1996 Spawning Results - It's Worth The Work

It took a very long time for the autumn rain to make good the long summer drought, though fish were seen ascending main river falls during the last days of the fishing season. These were fish of 8-12 Ibs that had been in the river for some time. It seemed that they progressed quickly up the main river. It was not until mid-November that they were seen at the falls on some of the smaller tributaries, most of which they easily ascended. Water temperatures remained relatively high for the time of year.

This was followed by a dry spell, which became increasingly cold, culminating in the first snow of the year. From this point on, water temperatures were low, typically around 42F. The last appreciable rain was in early December and this took the river to its highest level of the year (including last winter and spring) though by no means as high as it usually rises in winter.


Early December saw a run of grilse that the rods had not seen during the fishing season. Although in good numbers they were surprisingly small for so late a run. Many were below 31bs and some ten or more were photographed in a small tributary -three tiny grilse cock fish were fighting over the ladies and two small patches of gravel!
As reported earlier, we had put in place four fish passes and removed more than 400 separate clearings to allow greater numbers of fish to survive.

The Clettwr was the first of our efforts to be successful. The falls at Erwood were made easier to ascend by placing a line of gabion baskets below with a small gap to let fish through. The level immediately below the falls was raised some 26 inches this way and during the earlier part of the run a considerable number of fish were seen to ascend. One observer saw more than thirty go over. However, the long dry and cold spell in later November saw no spawning and we presume that most returned. When the water rose again in December, we found some five redds above the Erwood falls but none above the top falls.

It seemed that the cold water turned what was otherwise a passable barrier into an obstacle. We were amazed at the change that even one or two degrees could make. Our thinking on what is and could be a passable barrier needed drastic revision!


Elsewhere, on the Clywedog, where we had removed an entire weir, we now understand why this apparently innocuous structure was such a barrier and although the general trend was for fish not to penetrate too far up the system this winter, we were pleased to record that more fish had spawned above the former site of the weir than below. In addition, the main tributary, the Bachell, which Richard had cleared in the summer, had four fish spawn in it. None had been recorded there for five years or more. The Hafrena was cleared in 1995 up to the weir but it was only in June 1996 that the owner's permission was obtained to modify this obstruction.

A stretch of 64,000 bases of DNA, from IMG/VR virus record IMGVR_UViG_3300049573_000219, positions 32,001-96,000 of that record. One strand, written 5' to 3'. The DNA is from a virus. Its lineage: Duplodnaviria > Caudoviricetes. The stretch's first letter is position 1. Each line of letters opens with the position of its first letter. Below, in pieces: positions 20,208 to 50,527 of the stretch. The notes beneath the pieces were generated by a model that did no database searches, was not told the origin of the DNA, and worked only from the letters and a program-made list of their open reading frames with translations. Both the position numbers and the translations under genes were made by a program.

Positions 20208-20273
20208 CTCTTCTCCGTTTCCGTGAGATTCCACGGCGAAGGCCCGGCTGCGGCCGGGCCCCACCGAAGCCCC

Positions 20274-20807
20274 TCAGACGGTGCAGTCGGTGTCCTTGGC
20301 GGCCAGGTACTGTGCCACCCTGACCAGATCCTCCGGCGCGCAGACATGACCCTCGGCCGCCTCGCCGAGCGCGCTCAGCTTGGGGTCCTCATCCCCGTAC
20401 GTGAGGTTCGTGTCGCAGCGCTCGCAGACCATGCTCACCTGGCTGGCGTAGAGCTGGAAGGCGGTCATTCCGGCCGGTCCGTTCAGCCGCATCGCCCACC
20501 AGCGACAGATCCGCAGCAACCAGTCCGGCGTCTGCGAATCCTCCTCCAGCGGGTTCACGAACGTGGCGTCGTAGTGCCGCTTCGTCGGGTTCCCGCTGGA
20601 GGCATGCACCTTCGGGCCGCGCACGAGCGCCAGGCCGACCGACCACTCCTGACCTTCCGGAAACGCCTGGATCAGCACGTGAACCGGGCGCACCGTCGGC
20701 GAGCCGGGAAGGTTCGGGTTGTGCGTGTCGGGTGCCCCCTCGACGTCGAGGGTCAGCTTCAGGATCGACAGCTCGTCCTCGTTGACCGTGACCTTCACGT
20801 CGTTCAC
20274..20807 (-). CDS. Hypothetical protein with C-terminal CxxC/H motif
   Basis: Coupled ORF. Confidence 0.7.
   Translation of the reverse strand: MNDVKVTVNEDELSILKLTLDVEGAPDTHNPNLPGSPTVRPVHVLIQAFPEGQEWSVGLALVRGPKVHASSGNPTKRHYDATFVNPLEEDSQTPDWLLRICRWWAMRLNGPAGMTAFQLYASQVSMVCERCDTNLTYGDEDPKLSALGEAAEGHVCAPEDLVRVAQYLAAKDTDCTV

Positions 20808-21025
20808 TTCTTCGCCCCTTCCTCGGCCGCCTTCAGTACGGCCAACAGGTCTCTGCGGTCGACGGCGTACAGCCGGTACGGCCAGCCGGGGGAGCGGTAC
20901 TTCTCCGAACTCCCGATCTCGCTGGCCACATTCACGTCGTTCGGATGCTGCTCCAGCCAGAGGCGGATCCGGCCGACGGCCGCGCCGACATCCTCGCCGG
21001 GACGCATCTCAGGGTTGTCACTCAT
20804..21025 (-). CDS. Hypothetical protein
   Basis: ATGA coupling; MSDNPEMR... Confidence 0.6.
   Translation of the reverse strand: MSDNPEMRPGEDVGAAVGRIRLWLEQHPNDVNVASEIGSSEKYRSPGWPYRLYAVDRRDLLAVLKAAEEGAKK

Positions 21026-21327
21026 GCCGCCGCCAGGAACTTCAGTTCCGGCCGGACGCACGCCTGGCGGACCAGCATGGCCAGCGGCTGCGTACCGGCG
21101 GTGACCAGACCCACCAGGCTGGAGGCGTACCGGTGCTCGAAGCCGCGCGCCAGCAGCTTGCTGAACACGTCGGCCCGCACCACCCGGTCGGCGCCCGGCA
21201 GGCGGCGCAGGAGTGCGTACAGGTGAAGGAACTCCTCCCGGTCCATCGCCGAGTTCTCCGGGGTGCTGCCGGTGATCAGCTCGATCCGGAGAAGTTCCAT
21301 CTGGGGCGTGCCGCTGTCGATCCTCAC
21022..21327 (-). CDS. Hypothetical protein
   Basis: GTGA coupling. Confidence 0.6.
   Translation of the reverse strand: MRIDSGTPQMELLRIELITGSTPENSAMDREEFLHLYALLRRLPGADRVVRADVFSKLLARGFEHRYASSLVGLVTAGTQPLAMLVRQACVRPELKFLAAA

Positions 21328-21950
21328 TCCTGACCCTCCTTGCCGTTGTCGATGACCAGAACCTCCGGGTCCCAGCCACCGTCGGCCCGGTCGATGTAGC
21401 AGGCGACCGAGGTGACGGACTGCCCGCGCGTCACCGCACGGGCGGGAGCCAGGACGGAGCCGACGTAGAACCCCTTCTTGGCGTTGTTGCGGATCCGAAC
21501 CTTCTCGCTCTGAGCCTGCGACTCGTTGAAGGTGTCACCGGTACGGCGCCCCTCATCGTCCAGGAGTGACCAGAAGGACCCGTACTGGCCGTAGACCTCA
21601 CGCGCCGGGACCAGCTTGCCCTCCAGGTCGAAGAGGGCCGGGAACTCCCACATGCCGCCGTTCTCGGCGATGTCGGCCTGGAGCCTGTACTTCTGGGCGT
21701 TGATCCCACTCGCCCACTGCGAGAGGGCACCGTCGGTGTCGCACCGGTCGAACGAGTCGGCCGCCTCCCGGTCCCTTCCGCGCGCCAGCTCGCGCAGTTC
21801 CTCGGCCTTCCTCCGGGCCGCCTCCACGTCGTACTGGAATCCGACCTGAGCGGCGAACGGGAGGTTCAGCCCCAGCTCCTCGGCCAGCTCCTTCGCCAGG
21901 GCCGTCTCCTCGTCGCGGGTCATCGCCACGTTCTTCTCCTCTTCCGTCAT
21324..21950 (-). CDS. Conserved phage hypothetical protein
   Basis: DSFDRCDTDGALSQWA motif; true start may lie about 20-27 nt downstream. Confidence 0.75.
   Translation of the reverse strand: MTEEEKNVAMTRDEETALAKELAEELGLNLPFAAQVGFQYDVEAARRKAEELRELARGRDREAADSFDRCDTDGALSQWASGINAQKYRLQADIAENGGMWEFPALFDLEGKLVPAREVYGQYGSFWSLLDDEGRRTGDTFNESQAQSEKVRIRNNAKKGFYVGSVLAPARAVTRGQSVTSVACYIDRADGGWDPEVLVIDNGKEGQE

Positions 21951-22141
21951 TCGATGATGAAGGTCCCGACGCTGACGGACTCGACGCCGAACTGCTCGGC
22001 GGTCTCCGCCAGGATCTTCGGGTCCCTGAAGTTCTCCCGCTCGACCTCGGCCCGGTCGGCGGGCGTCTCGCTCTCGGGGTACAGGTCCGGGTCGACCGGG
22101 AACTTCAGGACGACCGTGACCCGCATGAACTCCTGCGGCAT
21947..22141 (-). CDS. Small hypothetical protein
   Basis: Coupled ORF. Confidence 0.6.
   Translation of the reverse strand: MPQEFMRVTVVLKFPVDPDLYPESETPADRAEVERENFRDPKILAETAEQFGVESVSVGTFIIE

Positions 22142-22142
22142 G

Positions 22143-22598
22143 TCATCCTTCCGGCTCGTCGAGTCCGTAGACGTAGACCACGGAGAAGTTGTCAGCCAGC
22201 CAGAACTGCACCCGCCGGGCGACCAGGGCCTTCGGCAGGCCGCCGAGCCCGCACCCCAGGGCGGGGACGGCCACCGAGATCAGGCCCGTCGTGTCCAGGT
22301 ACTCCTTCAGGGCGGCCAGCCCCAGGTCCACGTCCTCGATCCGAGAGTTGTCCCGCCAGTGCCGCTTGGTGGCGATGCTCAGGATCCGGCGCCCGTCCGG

The section above was substantially blocked and both the clearing and the weir modifications were completed by August. 1995 produced 7 redds but in 1996 some 14 were counted below the weir and a further 3 above. The EA monitored activity both above and below in the summer. Salmon fry and parr were found below the weir but not above. We shall look forward to reporting the actual densities of both years in the next newsletter.
A road culvert was blocking the tiny Estyn Brook to ascending fish. The Countryside Council brought this to the attention of the Foundation and heresay accounts existed of spawning fish in bygone years. EA electro surveys showed no fish whatever above the culvert but a low density below. The fish pass was completed in early August. It was not until early December that we found two redds upstream. However we noted that during winter flows, there were few places that afforded the right sort of spawning gravels.


The fish pass on the Duhonw allowed plenty of fish to ascend during the first flood but no redds were actually found above. There are a number of possibilities for this, ranging from us not finding the redd sites if there were any, access gained by cock fish only, the falls immediately above not being surmountable, to poor gravels. We plan certain modifications for the coming year.

As far as the way in which log jam clearance influenced events, either by spreading out or increasing redds counts; the following examples give some idea of the benefit:

Stream   1995 1996
Hirnant 3 30+
Nantmel Dulas 0 37

Those streams which cleared in 1994 or 1995 generally recorded better results this winter: (1996) eg Bachawy whose redd count since 1993 is as follows:

0(93) 7(94) 9(95) 14(96)

(Cleared end of 94)

These are just a few examples of the benefits of the summer's clearance work.

Gravel raking was another of the Foundation's activities. Bailiff Ray Dobbins reports that both the sites raked on the Elan had exactly 39 redds on each of them. Both of these areas could be comfortably accommodated within a tennis court! The total for the Elan was 164 compared with 54 in 1995. The Elan is a regulated stream which means it seldom has a large spate. Gravel tends to become compacted in these circumstances.

We should like to record our grateful thanks to the Countryside Council for Wales for grant aiding the fish passes.